Crime drama series’ have traditionally been a convenient staple of television. What I mean by that is there have been countless procedurals, it’s easy entertainment, and people will always be fascinated by crime. There’s a reason why Law & Order has reached 1000 seasons, and 300 spin-offs (numbers not accurate but go with it). More recently, its reached a point of saturation. With the exception to an extraordinary few (i.e. The Wire, Breaking Bad, first season of True Detective), think of the average prime-time crime series’ as the McDonalds of television. Sure, you’ll always get a base satisfaction from it, but it’s not winning any awards, and there definitely isn’t anything masterful about it. But every once in a while, something that goes above and beyond from the convenient comes along, and you just have to write an article about it.
Created by Joe Penhall, and produced by the unparalleled David Fincher himself (Fight Club, Seven, Gone Girl, House of Cards), Mindhunter follows FBI Agents Holden Ford and Bill Tench in the early, formative days of criminal psychology and profiling. The formative days before serial killers were in the common vernacular (at one point the term “sequential killer” is tested by Agent Ford), and before there was any assumption that a criminal could be anything anything beyond a deviant. Based on actual events as detailed in the true crime book, Mind Hunter: Inside the FBI’s Elite Serial Crime Unit, we see our protagonists interact with noted serial killers in history in an oddly humanizing light.
What’s refreshing about Mindhunter as a series largely involves its self-inflicted handicap of being limited to the era, and in turn, source material, as well as having a foot of authenticity firmly planted into reality. In a world where we have shows like Criminal Minds, criminal investigation of serial killers are presented as a corny parody of itself, a Swiss cheese block of cliches if you will. It’s rare to see something so controlled and slow-burning in terms of the writing. By tying its own arm behind its back, Mindhunter achieves something more nuanced and richer in story. Focus is pulled towards people searching for answers, and the subsequent impact of that search. There’s a discipline within it all because there isn’t any 21st century deus ex machina of facial recognition technology, or impossibly quick DNA scans. And that’s how not only good television is made, that’s how good criminal investigation is carried out. With due process and careful thought.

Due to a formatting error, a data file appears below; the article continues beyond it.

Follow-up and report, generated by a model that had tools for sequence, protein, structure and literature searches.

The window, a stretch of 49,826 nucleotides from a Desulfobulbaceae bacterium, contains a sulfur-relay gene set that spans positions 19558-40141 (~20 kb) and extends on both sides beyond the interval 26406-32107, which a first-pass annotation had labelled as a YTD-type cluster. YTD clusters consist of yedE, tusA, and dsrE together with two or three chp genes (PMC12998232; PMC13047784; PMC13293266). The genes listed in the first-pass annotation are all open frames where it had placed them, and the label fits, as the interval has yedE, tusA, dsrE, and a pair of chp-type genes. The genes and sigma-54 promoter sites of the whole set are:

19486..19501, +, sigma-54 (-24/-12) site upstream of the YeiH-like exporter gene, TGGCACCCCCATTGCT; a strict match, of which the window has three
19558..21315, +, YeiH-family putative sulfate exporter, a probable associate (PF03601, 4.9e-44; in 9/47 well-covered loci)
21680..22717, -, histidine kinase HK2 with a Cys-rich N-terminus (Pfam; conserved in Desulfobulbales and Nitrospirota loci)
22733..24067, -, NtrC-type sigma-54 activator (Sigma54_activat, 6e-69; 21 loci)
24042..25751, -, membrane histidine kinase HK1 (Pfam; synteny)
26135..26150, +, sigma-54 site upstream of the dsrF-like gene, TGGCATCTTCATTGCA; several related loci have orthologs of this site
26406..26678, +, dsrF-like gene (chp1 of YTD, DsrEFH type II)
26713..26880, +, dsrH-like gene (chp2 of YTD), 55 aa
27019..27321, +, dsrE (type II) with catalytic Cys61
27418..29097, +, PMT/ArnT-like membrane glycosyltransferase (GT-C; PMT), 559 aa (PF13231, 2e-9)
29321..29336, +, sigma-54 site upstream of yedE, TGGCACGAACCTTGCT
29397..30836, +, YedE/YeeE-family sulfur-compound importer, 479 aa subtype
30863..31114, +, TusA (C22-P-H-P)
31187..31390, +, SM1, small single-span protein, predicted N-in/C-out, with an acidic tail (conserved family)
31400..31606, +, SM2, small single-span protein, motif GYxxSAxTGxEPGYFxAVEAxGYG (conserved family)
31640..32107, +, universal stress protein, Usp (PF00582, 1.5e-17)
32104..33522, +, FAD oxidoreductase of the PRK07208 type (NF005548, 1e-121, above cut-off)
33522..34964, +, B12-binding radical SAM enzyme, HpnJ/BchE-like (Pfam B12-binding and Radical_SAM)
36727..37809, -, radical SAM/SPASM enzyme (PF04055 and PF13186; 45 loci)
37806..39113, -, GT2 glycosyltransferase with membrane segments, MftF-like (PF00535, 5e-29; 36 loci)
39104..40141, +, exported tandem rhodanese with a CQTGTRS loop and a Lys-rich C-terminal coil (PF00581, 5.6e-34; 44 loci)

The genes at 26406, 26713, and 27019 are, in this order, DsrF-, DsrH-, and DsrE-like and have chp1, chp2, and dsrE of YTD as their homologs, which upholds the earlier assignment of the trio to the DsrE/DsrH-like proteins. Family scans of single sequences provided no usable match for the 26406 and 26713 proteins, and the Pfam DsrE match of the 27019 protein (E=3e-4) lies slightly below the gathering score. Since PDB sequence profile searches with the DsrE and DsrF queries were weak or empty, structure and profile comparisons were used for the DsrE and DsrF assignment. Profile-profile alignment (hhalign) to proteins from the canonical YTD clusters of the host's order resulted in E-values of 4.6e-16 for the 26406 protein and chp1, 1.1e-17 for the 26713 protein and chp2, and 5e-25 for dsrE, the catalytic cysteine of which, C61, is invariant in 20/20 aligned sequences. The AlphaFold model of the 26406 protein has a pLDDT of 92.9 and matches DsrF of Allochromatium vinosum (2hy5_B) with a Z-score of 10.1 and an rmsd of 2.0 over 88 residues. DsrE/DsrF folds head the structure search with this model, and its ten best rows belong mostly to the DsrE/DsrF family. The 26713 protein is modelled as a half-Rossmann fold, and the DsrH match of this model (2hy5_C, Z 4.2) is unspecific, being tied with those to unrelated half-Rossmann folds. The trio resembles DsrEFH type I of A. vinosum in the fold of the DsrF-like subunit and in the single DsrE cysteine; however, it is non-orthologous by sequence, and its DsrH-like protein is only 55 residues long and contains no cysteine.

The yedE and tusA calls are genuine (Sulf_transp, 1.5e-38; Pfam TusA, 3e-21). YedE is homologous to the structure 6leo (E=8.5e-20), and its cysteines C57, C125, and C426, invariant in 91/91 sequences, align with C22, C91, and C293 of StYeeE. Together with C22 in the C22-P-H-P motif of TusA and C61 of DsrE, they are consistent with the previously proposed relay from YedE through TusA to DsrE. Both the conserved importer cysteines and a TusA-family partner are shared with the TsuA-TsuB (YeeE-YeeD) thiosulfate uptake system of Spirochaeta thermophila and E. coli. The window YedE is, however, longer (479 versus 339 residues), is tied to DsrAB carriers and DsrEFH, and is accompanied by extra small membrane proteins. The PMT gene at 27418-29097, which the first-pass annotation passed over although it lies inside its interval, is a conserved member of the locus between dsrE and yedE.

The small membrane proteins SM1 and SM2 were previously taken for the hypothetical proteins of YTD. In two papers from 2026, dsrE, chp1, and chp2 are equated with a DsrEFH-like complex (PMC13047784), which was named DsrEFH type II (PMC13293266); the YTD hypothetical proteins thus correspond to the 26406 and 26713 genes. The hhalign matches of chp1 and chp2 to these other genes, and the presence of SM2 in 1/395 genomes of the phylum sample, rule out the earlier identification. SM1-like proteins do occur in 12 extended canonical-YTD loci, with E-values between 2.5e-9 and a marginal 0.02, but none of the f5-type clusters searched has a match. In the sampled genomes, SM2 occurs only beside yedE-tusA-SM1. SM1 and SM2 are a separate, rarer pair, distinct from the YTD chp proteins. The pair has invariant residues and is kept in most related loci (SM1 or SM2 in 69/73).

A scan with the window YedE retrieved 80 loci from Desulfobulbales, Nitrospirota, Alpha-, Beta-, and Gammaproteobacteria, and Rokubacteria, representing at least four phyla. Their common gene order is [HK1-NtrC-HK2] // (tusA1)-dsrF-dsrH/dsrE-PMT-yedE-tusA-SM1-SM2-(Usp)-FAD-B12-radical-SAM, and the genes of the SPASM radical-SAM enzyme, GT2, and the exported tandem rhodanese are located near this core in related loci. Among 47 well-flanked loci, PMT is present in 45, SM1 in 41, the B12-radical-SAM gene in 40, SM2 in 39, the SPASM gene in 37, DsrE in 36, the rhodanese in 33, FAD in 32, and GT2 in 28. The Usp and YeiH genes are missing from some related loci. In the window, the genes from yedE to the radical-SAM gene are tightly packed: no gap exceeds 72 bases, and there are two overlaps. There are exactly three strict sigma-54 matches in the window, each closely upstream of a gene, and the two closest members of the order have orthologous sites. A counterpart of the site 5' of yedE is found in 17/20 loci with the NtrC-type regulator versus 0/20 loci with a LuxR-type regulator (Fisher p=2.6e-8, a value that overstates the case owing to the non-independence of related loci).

In terms of authenticity, issues are never resolved with fast-paced gunplay or instant takedowns without ever any consideration for legal ramifications. Actions have consequences, characters are forced to justify their actions, then come to terms with working around the consequences. As in the real world, there is a heavy emphasis of cause and effect. It also nicely avoided the pitfalls of an era-specific setting. Rather than patting itself on the back with a wink to the audience about hindsight being 20/20, and how obvious things are now, it was all very matter of fact, and never directly referenced. From personal experience, this was only executed as well by Mad Men. And for you fellow criminology graduates out there like yours truly, you’ll get a kick out of hearing people talk about the theories of Durkheim and Beccaria, which face it– we thought we’d never encounter again out in the open world.
Mindhunter has started off in very promising fashion. Hopefully, the degree of self-discipline and authenticity will be sustained for the seasons to come. With what has been demonstrated by the talent both in front and behind the camera, there are very few doubts regarding the quality of future episodes. And I for one cannot wait to see where they choose to go next.